Wednesday, February 5, 2020

January 27 Council Meeting: Moving forward with development projects. Concerns addressed around proposed Langley Lions Seniors Housing redevelopment.

In December, council gave first and second reading to a bylaw which would enable a 6-storey, mixed-use development project to be built at the corner or Logan Avenue and 203A Street if approved.

Top-down view from Locke Lane of the 6-storey, mixed-use development project. Select image to enlarge.

Also, council gave first and second reading to bylaws which would enable the construction of a new 101-unit Birch Building, plus allow for the eventual redevelopment of the current 518-unit Langley Lions Housing complex into a 981-unit, seniors-focused complex if approved.

Rendering of overall redevelopment plan for the Langley Lions Housing Society complex. Select image to enlarge.

A public hearing was held on January 13th to get public feedback on both proposed projects. While there was no feedback about the 6-storey, mixed-use project beyond clarifying its location, there was significant feedback received about the Langley Lions Housing Society project.

Because of the significant feedback received, Langley City staff prepared a public hearing information report. In this report, staff outlined what was heard at the public hearing, and clarifications or responses to what was heard at the public hearing.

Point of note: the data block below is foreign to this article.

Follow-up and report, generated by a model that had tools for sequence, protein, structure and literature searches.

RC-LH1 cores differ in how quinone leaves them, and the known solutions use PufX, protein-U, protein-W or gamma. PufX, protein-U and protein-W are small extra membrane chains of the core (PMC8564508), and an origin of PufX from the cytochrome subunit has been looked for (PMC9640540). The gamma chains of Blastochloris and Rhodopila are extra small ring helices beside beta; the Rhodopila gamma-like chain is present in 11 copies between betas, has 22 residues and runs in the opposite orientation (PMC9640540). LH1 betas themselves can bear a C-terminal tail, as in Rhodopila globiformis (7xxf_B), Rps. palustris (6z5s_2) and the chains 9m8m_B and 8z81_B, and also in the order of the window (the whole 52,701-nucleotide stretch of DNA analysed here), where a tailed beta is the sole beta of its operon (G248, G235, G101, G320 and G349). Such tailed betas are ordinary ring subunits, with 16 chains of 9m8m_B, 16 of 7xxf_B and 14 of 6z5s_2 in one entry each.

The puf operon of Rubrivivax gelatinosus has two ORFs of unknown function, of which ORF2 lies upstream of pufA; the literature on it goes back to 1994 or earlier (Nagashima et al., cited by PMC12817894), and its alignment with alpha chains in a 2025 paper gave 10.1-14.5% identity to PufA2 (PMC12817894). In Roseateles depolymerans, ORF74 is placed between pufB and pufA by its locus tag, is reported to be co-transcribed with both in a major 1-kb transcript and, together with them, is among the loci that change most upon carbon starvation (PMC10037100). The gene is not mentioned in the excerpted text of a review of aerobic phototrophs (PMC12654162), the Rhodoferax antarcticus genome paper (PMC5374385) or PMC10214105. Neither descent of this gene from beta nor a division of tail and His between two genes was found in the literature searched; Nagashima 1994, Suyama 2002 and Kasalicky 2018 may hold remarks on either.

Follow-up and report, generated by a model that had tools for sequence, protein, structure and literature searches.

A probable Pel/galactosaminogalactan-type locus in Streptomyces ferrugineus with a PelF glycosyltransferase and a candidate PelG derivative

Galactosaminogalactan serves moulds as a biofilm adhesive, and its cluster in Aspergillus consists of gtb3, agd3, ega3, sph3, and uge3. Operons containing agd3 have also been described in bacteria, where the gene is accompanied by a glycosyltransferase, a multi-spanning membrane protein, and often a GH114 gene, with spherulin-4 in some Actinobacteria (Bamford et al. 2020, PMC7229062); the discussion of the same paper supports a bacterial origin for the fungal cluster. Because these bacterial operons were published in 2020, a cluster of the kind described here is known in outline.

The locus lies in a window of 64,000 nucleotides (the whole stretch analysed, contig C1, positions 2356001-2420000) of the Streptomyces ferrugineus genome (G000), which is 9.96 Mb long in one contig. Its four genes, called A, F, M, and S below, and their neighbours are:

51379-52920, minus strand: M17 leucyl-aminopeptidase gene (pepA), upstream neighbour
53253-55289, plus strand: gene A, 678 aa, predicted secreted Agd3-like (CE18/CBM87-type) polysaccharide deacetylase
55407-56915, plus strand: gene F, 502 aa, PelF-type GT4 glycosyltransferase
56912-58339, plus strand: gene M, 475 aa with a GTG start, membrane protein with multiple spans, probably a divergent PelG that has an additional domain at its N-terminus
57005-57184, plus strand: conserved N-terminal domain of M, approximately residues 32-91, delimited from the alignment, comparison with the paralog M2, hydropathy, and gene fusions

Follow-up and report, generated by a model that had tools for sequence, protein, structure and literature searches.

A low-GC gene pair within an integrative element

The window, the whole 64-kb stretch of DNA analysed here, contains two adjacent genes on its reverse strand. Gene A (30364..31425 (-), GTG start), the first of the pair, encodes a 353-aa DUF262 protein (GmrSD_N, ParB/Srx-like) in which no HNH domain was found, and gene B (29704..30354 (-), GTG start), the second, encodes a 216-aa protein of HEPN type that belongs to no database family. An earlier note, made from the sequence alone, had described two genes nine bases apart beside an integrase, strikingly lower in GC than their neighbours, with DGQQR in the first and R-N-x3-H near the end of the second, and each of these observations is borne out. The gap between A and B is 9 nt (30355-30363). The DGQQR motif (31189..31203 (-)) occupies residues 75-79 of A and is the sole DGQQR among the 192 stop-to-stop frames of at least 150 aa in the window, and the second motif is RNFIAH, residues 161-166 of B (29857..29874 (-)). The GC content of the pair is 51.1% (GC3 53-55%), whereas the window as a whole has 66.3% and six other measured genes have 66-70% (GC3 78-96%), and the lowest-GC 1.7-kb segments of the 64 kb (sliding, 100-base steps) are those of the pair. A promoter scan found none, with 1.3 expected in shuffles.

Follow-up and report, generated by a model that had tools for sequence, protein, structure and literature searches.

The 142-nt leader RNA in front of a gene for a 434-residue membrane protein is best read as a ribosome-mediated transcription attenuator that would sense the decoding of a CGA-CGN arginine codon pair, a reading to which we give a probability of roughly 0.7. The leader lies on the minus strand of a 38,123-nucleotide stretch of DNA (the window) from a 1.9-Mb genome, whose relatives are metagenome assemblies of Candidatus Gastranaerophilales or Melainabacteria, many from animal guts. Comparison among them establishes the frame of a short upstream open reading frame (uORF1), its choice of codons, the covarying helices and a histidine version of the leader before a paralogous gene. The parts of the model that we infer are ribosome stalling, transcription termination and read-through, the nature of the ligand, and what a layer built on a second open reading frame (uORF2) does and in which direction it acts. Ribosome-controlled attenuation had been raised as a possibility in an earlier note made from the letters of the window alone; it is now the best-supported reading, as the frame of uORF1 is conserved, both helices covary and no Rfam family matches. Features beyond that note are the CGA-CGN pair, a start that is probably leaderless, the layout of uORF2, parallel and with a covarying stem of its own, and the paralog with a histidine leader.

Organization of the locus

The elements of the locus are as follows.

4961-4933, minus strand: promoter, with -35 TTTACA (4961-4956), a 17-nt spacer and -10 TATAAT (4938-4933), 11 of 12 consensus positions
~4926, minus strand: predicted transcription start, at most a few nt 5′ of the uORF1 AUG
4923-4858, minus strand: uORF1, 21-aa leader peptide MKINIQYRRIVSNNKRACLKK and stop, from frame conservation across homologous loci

The Langley Care Society who operates the Langley Lodge which is next to the Langley Lions complex was concerned that the proposed Birch Building would have a negative impact during construction, block cell phone antennas on their roof, and shadow their outside courtyard garden.

In the report, staff noted that the Langley Lions Housing Society will work with the Langley Care Society to ensure that negative impacts are mitigated. With regards to the courtyard garden, the garden will only be fully shadowed past 4pm like the current shadowing today.

There was also concern that the density of the project when fully built-out at 981-unit would cause isolation among residents. The Langley Lions Housing Society noted that indoor “spaces are specifically programmed to overcome segregation and isolation.”

Also, City staff noted that “low building lot coverage (36.5 percent), large internal courtyards and community gardens, and ground-oriented units that provide ‘eyes on the street’ and greenspaces” will provide a high-quality outside space for residents.

The remaining concerns were around the affordability of the proposed project, the mix of senior to non-senior residents, and support services available for people who have higher care needs.

The proposed Official Community Plan update will require a housing agreement be singed between the City and Langley Lions Housing Society for each phase of the project. Tenant mix and affordability will be addressed in the housing agreement process. This housing agreement process has not started yet.

Council passed a motion that the project should have a higher percentage of senior residents than there are today once fully built-out.

BC Housing, which is the funder of the proposed 101-unit replacement Birch Building, noted that “none of its subsidized tenants for the new Birch building will be required to pay more than 30 % of income for rent.”

For more details, please read the staff report.

Langley City council gave third reading to bylaws for both the 6-storey, mixed-use development project, and Langley Lions Housing Society complex redevelopment at its January 27th meeting.

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